performance of krb5 dejagnu test suite (tests/dejagnu)

Ken Raeburn raeburn at MIT.EDU
Mon Nov 17 16:07:08 EST 2008

Until recently, our test suite in tests/dejagnu was set up to make  
about a dozen passes through the full set of tests, with each pass  
using a different configuration of encryption types or other  
parameters specified in the config files.  This is kind of wasteful,  
because some of the tests don't exercise anything new based on the  
encryption type beyond needing to be able to get tickets of a given  
encryption type, and one test would suffice for that.  One of the  
passes differed from another only in that TCP was used to communicate  
with the KDC rather than UDP; that won't affect, for example, how well  
the ftp client and server work, as long as tickets can be acquired,  
and a program like "kvno" can test that as well as the ftp client can,  
and with less extraneous stuff going on.

There are a few tests that depend on the session key type.  For  
example, telnet requires a DES key (and we should, for example, test  
that it'll get a DES session key as long as DES is an allowed  
encryption type, even if the default session key type is not DES, and  
even if we've already got credentials with other key types), and the  
appl/bsd and GSSAPI protocols have different paths followed for each  
of the early encryption types before we generalized them properly  
(assuming that we've actually done so even now).

I checked in some changes recently to make some of the tests get run  
only once during a full run, like for example the password-changing  
tests and the new kprop test.  I got rid of the TCP pass, and replaced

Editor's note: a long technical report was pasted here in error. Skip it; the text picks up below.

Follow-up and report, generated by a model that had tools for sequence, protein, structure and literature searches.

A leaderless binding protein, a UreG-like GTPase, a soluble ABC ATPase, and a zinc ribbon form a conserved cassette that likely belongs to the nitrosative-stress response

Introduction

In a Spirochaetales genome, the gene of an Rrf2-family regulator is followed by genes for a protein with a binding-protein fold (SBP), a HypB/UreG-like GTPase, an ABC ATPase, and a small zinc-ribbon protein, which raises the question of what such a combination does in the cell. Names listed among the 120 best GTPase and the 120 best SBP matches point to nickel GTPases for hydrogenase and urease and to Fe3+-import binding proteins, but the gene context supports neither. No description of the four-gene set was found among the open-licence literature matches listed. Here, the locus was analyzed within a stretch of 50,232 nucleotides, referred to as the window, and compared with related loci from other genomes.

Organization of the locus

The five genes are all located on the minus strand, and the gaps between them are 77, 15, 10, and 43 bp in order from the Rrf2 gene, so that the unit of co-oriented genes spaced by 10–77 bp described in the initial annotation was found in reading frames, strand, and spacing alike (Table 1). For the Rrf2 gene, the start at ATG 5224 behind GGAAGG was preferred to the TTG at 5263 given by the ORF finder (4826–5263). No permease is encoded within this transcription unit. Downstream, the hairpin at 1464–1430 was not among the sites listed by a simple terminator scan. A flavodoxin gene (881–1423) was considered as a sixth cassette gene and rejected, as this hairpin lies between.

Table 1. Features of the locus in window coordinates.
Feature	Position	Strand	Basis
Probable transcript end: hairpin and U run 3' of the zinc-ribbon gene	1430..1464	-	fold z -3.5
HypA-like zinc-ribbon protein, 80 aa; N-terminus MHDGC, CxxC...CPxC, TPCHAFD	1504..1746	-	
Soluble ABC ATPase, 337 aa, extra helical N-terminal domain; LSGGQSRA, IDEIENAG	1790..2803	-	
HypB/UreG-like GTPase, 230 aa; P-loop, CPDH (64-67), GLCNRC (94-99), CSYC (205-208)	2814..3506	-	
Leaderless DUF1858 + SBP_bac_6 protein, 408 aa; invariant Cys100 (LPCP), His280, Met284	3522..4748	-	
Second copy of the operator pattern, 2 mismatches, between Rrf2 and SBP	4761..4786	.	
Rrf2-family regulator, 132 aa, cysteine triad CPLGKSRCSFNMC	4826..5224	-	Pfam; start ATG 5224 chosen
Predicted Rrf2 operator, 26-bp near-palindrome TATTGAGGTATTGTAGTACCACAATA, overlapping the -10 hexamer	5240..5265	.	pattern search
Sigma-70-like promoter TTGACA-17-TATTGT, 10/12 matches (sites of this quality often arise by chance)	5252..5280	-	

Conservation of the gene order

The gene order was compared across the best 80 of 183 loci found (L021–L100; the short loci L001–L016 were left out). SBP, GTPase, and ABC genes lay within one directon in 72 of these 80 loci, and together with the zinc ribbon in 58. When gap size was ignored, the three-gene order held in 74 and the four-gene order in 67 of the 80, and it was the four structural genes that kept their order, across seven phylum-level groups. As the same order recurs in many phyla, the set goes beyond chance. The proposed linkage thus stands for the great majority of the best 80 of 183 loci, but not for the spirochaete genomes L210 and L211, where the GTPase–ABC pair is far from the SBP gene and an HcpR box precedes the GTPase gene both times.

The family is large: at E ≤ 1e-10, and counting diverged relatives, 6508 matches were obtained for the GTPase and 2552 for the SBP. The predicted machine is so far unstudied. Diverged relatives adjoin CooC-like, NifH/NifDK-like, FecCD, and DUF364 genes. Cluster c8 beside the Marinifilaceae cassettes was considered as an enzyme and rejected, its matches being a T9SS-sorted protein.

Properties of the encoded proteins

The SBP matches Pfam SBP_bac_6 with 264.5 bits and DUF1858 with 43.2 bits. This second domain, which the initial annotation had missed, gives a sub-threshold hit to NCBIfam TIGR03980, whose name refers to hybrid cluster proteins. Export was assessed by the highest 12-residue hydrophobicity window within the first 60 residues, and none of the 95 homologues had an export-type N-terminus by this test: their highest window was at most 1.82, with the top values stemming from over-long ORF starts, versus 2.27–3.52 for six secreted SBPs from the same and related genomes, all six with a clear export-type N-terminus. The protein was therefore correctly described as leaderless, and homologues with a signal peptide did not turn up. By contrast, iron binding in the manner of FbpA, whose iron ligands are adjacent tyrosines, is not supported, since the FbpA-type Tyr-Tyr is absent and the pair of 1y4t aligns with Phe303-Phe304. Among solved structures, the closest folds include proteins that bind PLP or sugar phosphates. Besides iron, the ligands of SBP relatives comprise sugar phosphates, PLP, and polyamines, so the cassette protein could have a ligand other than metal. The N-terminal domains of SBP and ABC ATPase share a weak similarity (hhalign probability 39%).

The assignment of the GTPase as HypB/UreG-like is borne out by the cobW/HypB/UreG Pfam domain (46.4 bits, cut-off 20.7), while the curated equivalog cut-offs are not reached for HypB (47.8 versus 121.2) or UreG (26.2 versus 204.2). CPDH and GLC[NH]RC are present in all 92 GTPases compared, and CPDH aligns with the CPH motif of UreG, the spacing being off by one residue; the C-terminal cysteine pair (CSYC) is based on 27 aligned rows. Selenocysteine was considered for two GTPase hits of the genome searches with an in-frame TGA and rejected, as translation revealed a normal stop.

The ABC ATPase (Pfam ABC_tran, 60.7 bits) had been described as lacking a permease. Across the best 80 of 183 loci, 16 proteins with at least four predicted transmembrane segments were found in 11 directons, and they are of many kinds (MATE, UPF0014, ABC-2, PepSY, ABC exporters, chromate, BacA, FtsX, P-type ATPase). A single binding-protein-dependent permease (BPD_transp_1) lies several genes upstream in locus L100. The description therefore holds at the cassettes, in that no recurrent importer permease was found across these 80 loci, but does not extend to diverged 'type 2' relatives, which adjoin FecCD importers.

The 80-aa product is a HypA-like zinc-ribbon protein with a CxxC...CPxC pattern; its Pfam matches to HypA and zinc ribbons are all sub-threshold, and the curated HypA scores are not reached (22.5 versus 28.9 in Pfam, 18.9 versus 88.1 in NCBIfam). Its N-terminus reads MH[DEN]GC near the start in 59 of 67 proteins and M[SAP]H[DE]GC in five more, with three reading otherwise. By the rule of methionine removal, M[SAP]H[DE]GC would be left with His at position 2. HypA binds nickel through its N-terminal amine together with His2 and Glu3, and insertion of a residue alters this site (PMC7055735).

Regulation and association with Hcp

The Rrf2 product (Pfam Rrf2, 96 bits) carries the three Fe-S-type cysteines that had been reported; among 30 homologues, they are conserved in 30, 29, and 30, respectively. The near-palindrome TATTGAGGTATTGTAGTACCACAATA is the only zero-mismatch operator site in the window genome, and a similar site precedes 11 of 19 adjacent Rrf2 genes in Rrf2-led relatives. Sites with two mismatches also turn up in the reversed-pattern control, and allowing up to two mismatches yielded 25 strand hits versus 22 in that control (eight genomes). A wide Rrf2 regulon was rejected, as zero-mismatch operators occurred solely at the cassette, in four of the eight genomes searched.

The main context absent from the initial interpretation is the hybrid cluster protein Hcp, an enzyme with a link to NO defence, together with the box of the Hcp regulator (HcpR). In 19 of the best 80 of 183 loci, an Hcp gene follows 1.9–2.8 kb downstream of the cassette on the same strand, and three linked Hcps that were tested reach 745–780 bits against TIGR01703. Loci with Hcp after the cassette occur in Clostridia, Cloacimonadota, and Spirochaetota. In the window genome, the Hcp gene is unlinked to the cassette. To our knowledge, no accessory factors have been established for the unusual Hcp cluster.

it with a separate test exercising the TCP path, which only gets run  
once.  This cut down the run time of the test suite a bit, but it's  
still kind of long.

Eventually I think we should eliminate the multiple-pass stuff in the  
overall test suite configuration, and replace it with iterators over  
certain tests, describing different enctype configurations to use.   
For example, for the rlogin/rsh/rcp tests, only the session key we're  
going to get is relevant, not the master key type in the KDC or the  
key type of the TGS principal.  (The support in the works for  
encryption type negotiation -- RFC 4537 -- will complicate those tests  
that do depend on the subsession key encryption type too, as we'll  
have to make sure that the various possible changes in encryption type  
from session key to subsession key don't break anything.)  But we  
should also test that the KDC will run and we can get tickets if those  
key types are types not supported by the clients, as long as we have a  
compatible session key type.  And other tests may depend on whether  
krb4 support is enabled, or salt types used, etc, and the iterations  
over those tests should reflect that, not the full set of enctype  
configuration options we use now.

If anyone feels like doing a bit more speedup work, the slowest tests  
that still get run in every pass or nearly every pass include rsh,  
rcp, and rlogin; in a recent test on one of my reasonably fast  
machines, each invocation took ~9 seconds or more, totaling upwards of  
6.5 minutes (out of a total of nearly 11 minutes for that whole test  
suite).  As I said above, they do need to be run for different session  
key types, but not for variations in master key type and the like.

I suspect there are probably unnecessary delays somewhere in these  
tests, too.  If nothing else, there's a two-second delay put in to  
wait for the rshd/rlogind server to start up in standalone mode (and  
similarly in many of the other tests); testing for reachability in a  
loop, or having the server output something when it's started  
listening in standalone mode, would probably let us cut the delay  
significantly in normal cases, probably to a fraction of a second.   
That might not explain how some of the tests chew up 10-16 seconds  


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